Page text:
My grandfather was a saint. He died suddenly of a massive heart attack at the age of 58. His death was like a rug pulled out from under my family, much like Jack’s was for the Pearsons. My grandfather was our patriarch, our rock, life giver and joy bringer. He made up songs and lovingly teased my worry-wart grandma and laughed at his own jokes and created quirky traditions for our family. He constantly talked about (and demonstrated) how important it was for his grandchildren to feel delighted in and loved. But it wasn’t just us. Hundreds of people showed up to this ordinary man’s funeral, with many saying, “He was my best friend.” That’s a saint. A person who makes you feel seen, who gives you peace in who you are, who brings joy and life to the room.
A saint sees people for who they truly are at their very best. It’s one way This is Us garners awards consideration for its characters—we see their flaws, but Jack sees something deeper. To him, Rebecca is spectacular—a goddess and soulmate instead of a moody wife or tired mom. He sees Kevin as a brave and generous man instead of a vain, selfish boy. Kate is a beautiful, talented miracle instead of an awkward teenager and Randall is a cherished and irreplaceable member of the family instead of an abandoned orphan.
In C.S. Lewis’s The Great Divorce, the narrator meets a woman in heaven so highly honored he wonders if she might be the Holy Mother Mary. Instead, the beautiful spirit was a perfectly ordinary woman named Sarah Smith, a life giver in her own humble way. The narrator’s guide says of her: “Every young man or boy that met her became her son—even if it was only the boy that brought the meat to her back door. Every girl that met her was her daughter … Every beast and bird that came near her had its place in her love. In her they became themselves.”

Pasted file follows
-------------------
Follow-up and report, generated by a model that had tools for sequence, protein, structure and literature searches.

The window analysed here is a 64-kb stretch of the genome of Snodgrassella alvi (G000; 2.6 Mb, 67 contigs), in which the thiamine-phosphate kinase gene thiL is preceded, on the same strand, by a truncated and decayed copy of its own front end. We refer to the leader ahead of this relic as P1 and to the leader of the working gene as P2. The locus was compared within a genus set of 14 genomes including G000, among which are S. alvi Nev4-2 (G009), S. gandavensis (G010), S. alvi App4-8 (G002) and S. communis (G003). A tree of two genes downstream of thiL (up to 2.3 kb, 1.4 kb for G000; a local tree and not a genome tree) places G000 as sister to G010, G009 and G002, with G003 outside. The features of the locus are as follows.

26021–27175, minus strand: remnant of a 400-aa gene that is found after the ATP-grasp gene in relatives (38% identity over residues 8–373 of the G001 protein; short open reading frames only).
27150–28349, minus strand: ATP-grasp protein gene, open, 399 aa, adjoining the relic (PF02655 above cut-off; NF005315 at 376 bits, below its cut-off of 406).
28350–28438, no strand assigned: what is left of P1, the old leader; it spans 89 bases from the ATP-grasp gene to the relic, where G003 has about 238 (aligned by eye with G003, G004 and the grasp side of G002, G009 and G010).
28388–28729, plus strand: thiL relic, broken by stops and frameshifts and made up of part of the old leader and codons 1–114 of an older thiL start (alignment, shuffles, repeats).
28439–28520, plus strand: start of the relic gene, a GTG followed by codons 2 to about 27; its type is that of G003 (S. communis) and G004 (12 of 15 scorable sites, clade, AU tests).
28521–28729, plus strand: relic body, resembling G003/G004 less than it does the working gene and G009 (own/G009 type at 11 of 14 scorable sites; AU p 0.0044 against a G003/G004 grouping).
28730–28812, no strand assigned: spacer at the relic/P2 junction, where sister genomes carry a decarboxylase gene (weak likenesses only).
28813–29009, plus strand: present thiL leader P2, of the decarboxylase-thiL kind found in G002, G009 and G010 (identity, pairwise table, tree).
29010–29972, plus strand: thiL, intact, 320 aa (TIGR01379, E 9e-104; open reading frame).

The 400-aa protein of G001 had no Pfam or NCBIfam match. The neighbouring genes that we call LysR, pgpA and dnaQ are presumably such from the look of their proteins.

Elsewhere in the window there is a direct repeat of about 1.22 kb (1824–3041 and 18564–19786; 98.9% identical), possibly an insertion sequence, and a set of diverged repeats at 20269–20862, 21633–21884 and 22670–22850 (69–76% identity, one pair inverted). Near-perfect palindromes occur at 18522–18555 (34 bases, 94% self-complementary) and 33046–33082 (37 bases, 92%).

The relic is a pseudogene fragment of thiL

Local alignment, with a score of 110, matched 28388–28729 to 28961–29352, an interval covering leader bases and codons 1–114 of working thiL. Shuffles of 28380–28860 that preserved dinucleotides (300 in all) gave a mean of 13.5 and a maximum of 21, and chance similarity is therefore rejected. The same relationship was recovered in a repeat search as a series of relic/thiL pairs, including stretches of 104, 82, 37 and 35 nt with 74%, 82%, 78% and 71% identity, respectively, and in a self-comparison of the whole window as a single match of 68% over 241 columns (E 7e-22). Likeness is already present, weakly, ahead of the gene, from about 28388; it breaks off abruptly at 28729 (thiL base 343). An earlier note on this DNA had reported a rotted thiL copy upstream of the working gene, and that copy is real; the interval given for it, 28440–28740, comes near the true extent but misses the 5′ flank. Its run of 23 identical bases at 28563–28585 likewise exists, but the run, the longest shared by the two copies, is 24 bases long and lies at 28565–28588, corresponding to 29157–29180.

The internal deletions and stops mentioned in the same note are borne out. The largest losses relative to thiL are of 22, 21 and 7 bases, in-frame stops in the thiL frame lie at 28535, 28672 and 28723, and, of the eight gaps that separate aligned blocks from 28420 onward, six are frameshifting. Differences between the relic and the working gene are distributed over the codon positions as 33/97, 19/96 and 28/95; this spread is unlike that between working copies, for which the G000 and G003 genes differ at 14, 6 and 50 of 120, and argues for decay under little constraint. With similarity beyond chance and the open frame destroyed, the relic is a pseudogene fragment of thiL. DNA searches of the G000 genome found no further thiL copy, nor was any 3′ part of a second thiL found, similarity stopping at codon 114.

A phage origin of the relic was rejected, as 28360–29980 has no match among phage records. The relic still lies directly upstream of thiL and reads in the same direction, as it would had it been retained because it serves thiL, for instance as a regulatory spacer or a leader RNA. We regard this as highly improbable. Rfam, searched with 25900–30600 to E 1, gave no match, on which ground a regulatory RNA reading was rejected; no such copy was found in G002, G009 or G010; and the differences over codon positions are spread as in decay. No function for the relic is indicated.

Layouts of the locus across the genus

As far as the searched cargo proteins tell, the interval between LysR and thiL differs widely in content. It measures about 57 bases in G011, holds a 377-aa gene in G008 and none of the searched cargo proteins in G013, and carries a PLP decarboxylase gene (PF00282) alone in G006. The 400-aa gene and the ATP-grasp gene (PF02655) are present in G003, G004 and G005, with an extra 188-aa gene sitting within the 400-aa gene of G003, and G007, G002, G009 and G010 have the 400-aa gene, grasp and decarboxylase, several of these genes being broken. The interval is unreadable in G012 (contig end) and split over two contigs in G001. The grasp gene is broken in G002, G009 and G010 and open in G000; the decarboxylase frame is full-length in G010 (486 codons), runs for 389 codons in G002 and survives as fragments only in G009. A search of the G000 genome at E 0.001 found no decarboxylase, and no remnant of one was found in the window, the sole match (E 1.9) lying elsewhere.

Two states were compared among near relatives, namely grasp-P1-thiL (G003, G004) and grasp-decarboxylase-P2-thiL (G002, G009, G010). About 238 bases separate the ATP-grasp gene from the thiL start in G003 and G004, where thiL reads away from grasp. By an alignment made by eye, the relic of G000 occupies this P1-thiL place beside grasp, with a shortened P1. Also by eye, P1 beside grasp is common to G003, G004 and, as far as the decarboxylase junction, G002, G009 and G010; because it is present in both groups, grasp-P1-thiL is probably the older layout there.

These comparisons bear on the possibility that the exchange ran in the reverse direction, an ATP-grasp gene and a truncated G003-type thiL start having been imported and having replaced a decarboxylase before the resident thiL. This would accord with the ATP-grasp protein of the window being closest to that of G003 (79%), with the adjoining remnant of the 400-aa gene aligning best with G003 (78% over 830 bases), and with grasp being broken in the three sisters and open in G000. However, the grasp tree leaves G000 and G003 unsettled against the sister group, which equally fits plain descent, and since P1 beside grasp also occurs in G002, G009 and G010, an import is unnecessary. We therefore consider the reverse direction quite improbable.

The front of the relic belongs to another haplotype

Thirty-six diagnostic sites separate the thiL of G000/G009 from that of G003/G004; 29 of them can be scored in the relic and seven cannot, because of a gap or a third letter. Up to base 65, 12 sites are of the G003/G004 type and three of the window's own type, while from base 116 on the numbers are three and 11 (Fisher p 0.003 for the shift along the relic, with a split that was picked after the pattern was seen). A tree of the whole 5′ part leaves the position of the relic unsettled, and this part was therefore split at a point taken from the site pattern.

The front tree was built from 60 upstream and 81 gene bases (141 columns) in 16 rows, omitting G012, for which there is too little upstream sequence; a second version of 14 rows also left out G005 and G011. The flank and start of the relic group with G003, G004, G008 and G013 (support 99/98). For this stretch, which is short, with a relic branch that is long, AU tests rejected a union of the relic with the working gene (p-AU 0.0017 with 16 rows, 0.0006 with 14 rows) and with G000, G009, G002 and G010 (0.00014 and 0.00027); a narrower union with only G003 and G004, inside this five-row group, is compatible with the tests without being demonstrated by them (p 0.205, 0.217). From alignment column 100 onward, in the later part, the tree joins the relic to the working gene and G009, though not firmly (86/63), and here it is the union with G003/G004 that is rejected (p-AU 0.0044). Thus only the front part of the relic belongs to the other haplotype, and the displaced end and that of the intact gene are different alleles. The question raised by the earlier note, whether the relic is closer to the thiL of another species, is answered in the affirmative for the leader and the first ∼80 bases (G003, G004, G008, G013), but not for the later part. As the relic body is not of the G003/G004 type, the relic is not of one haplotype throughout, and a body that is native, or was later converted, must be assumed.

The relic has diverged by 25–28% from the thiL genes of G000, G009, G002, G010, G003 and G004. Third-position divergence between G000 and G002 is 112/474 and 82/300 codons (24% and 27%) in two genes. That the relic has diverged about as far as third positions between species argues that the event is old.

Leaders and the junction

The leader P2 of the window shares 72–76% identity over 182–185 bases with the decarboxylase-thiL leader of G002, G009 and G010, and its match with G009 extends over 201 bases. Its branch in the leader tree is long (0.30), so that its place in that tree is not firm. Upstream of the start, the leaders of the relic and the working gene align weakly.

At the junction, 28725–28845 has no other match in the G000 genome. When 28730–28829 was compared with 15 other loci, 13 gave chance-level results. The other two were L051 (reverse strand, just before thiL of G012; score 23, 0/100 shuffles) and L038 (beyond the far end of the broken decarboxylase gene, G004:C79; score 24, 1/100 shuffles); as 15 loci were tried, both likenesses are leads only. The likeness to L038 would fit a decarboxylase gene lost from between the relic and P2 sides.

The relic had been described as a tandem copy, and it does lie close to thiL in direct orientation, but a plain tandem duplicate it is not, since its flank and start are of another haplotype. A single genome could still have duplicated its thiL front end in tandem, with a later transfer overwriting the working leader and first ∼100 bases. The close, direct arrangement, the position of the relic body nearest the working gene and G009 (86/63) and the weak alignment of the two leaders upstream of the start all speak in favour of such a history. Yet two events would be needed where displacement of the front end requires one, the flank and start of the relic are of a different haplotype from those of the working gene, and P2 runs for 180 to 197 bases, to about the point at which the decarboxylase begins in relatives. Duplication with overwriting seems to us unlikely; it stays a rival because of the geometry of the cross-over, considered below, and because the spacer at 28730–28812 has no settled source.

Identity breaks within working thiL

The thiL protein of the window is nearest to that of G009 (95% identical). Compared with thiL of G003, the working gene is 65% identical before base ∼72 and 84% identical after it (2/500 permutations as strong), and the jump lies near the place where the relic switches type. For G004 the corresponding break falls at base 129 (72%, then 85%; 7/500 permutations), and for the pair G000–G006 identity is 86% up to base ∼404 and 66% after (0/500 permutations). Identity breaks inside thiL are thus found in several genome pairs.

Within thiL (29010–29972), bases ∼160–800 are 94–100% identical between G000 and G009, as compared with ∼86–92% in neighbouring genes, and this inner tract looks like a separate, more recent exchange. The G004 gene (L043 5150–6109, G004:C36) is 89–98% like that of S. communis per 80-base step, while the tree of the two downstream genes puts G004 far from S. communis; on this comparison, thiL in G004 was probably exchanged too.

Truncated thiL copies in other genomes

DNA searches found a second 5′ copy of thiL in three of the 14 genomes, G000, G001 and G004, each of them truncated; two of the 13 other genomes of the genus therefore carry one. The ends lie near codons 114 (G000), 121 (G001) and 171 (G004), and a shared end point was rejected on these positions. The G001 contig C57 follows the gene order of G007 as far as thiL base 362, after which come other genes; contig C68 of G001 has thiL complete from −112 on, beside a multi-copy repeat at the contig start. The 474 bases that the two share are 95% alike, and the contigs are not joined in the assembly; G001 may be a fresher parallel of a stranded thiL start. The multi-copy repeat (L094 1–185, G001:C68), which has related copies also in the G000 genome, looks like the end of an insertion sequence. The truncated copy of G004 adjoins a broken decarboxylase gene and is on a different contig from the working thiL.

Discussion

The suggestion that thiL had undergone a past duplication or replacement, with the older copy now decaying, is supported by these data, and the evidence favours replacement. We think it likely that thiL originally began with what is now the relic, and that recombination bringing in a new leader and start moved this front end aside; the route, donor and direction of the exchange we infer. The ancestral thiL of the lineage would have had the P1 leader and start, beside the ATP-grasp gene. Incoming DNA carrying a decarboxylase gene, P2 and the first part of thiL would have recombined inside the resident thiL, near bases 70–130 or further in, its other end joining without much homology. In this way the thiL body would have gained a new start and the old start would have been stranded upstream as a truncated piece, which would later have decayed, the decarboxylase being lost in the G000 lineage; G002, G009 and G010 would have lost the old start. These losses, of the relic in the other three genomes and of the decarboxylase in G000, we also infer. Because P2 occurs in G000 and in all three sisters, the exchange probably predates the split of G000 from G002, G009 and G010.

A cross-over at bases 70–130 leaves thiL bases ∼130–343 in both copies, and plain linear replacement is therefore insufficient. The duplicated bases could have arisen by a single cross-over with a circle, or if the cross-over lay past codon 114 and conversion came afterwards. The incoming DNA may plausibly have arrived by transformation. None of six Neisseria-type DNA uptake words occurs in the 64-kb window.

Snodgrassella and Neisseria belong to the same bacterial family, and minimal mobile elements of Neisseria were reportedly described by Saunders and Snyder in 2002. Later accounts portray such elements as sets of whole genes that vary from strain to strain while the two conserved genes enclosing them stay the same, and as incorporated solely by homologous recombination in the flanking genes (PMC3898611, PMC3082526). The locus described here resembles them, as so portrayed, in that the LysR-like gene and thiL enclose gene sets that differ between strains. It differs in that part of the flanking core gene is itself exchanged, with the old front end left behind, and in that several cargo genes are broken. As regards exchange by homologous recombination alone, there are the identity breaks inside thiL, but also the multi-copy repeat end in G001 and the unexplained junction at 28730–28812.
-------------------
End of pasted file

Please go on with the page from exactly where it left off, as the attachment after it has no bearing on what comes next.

How can you be a saint? You don’t have to make grand gestures like Jack Pearson; you can simply let people know you see them. You can offer the best of yourself, your full presence. You can really listen, and when you speak, speak the deepest, most sacred and lovely truth you see in those around you. Jack’s sainthood continued impacting others even after his death, shaping his wife and children and the way they moved through the world. When you’re a saint, you don’t know it, and you certainly don’t know the lasting legacy you’re creating with your words and your life.
“It is like when you throw a stone into a pool, and the concentric waves spread out further and further. Who knows where it will end?” says the guide in The Great Divorce. “Redeemed humanity is still young, it has hardly come to its full strength. But already there is joy enough in the little finger of a great saint … to waken all the dead things of the universe into life.”
Through the story of Jack Pearson and his family, This is Us offers a stunning, multidimensional picture of the effect one person can have on others with their one and only life. It’s worthy of every honor, Emmy or otherwise. Pain, joy, grief and redemption weave together a picture of humanity so beautiful some might say it wakes dead things to life in our hearts. We hope this really could be us.
Joy Netanya Thompson is a writer and editor based in Los Angeles. She is the author of the monthly-ish newsletter Midweek Joy (tinyletter.com/joynetanyathompson).